In Americana music the present is female. Two-thirds of our year-end list is comprised of albums by women. Here, then, are the women (and a few men) who represented the best in Americana in 2017.

If a single moment best illustrates the current divide between Americana music and mainstream country music, it was Sturgill Simpson busking in the street outside the CMA Awards in Nashville. While Simpson played his guitar and sang in a sort of renegade-outsider protest, Garth Brooks was onstage lip-syncindg his way to Entertainer of the Year. Americana music is, of course, a sprawling range of roots genres that incorporates traditional aspects of country, blues, soul, bluegrass, etc., but often represents an amalgamation or reconstitution of those styles. But one common aspect of the music that Simpson appeared to be championing during his bit of street theater is the independence, artistic purity, and authenticity at the heart of Americana music. Clearly, that spirit is alive and well in the hundreds of releases each year that could be filed under Americana's vast umbrella.

Keep reading... Show less

From genre-busting electronic music to new highs in the ever-evolving R&B scene, from hip-hop and Americana to rock and pop, 2017's music scenes bestowed an embarrassment of riches upon us.

60. White Hills - Stop Mute Defeat (Thrill Jockey)

White Hills epic '80s callback Stop Mute Defeat is a determined march against encroaching imperial darkness; their eyes boring into the shadows for danger but they're aware that blinding lights can kill and distort truth. From "Overlord's" dark stomp casting nets for totalitarian warnings to "Attack Mode", which roars in with the tribal certainty that we can survive the madness if we keep our wits, the record is a true and timely win for Dave W. and Ego Sensation. Martin Bisi and the poster band's mysterious but relevant cool make a great team and deliver one of their least psych yet most mind destroying records to date. Much like the first time you heard Joy Division or early Pigface, for example, you'll experience being startled at first before becoming addicted to the band's unique microcosm of dystopia that is simultaneously corrupting and seducing your ears. - Morgan Y. Evans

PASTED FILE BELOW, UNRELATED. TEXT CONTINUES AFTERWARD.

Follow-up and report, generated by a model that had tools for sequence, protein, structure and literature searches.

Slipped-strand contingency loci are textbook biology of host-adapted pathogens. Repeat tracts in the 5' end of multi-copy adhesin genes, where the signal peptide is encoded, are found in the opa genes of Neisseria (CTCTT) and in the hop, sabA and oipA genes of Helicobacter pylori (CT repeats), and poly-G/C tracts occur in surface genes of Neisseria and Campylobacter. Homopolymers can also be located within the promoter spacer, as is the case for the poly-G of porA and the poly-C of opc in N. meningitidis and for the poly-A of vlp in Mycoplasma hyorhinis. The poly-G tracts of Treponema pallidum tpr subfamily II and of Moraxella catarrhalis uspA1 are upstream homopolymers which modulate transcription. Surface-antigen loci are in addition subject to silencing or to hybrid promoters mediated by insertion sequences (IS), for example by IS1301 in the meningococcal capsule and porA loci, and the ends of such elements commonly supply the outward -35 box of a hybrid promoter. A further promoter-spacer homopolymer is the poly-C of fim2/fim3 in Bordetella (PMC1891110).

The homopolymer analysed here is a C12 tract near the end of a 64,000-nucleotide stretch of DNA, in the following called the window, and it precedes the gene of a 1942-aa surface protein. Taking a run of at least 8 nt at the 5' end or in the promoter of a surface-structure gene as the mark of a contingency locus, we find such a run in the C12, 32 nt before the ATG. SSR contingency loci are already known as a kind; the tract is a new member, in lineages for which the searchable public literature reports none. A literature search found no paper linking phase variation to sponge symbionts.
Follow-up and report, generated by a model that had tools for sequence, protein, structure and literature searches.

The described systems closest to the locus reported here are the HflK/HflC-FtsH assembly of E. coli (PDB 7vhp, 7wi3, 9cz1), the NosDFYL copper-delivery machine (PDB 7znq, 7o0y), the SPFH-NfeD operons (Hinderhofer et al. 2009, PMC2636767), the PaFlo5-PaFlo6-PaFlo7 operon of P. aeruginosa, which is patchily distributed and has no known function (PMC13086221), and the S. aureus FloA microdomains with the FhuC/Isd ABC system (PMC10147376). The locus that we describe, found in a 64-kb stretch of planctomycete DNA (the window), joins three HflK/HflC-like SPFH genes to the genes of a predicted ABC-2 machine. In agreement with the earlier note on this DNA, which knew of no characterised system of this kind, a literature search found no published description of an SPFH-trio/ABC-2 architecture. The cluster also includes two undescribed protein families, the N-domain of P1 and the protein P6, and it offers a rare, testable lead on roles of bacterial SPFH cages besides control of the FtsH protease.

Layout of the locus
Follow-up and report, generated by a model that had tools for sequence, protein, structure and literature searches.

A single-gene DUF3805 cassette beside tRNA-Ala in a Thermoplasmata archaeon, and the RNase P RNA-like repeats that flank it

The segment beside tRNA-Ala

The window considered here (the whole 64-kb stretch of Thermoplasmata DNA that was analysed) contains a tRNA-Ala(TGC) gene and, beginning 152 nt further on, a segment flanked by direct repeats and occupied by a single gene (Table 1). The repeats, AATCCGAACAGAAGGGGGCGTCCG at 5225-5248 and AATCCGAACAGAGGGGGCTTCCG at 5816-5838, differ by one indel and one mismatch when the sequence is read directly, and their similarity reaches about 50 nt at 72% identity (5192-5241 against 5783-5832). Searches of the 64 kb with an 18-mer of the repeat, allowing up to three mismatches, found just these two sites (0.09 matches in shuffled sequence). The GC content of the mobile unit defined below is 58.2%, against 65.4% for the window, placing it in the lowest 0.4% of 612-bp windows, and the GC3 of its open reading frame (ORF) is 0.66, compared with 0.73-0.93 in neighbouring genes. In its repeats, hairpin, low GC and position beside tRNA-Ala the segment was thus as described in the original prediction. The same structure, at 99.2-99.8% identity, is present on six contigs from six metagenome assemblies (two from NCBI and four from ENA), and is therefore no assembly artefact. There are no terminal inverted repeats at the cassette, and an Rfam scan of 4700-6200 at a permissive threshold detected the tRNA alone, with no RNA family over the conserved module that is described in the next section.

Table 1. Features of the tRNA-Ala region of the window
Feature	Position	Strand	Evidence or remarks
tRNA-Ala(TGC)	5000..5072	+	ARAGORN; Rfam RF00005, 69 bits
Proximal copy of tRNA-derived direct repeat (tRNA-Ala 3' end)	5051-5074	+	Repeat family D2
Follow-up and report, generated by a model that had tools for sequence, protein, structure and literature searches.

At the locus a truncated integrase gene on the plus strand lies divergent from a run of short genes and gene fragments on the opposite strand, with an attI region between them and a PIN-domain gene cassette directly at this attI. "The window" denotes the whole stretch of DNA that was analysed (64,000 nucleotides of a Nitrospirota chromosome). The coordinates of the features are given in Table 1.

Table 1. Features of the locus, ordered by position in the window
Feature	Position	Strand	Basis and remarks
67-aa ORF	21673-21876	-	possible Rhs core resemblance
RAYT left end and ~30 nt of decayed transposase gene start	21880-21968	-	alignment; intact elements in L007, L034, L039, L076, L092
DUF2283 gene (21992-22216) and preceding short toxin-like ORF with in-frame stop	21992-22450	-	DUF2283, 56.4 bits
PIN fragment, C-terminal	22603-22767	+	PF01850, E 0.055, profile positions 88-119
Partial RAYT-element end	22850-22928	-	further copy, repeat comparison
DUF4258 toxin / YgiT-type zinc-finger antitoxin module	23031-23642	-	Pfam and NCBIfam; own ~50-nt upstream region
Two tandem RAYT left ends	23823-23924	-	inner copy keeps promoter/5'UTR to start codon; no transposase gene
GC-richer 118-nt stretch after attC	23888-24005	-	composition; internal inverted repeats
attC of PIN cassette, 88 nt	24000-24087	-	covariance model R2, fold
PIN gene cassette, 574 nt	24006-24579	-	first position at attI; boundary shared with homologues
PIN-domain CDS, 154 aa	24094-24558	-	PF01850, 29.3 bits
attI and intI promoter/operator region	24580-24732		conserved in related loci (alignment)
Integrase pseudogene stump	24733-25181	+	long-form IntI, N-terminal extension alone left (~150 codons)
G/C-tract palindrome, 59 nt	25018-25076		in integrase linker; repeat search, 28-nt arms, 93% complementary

Keep reading... Show less

This week on our games podcast, Nick and Eric talk about the joy and frustration of killing Nazis in Wolfenstein: The New Order.

This week, Nick and Eric talk about the joy and frustration of killing Nazis in Wolfenstein: The New Order.

Keep reading... Show less

Which is the draw, the art or the artist? Critic Rachel Corbett examines the intertwined lives of two artists of two different generations and nationalities who worked in two starkly different media.

Artist biographies written for a popular audience necessarily involve compromise. On the one hand, we are only interested in the lives of artists because we are intrigued, engaged, and moved by their work. The confrontation with a work of art is an uncanny experience. We are drawn to, enraptured and entranced by, absorbed in the contemplation of an object. Even the performative arts (music, theater, dance) have an objective quality to them. In watching a play, we are not simply watching people do things; we are attending to the play as a thing that is more than the collection of actions performed. The play seems to have an existence beyond the human endeavor that instantiates it. It is simultaneously more and less than human: more because it's superordinate to human action and less because it's a mere object, lacking the evident subjectivity we prize in the human being.

Keep reading... Show less

Gabin's Maigret lets everyone else emote, sometimes hysterically, until he vents his own anger in the final revelations.

France's most celebrated home-grown detective character is Georges Simenon's Inspector Jules Maigret, an aging Paris homicide detective who, phlegmatically and unflappably, tracks down murderers to their lairs at the center of the human heart. He's invariably icon-ified as a shadowy figure smoking an eternal pipe, less fancy than Sherlock Holmes' curvy calabash but getting the job done in its laconic, unpretentious, middle-class manner.

Keep reading... Show less
Pop Ten
Mixed Media
PM Picks

© 1999-2017 All rights reserved.
Popmatters is wholly independently owned and operated.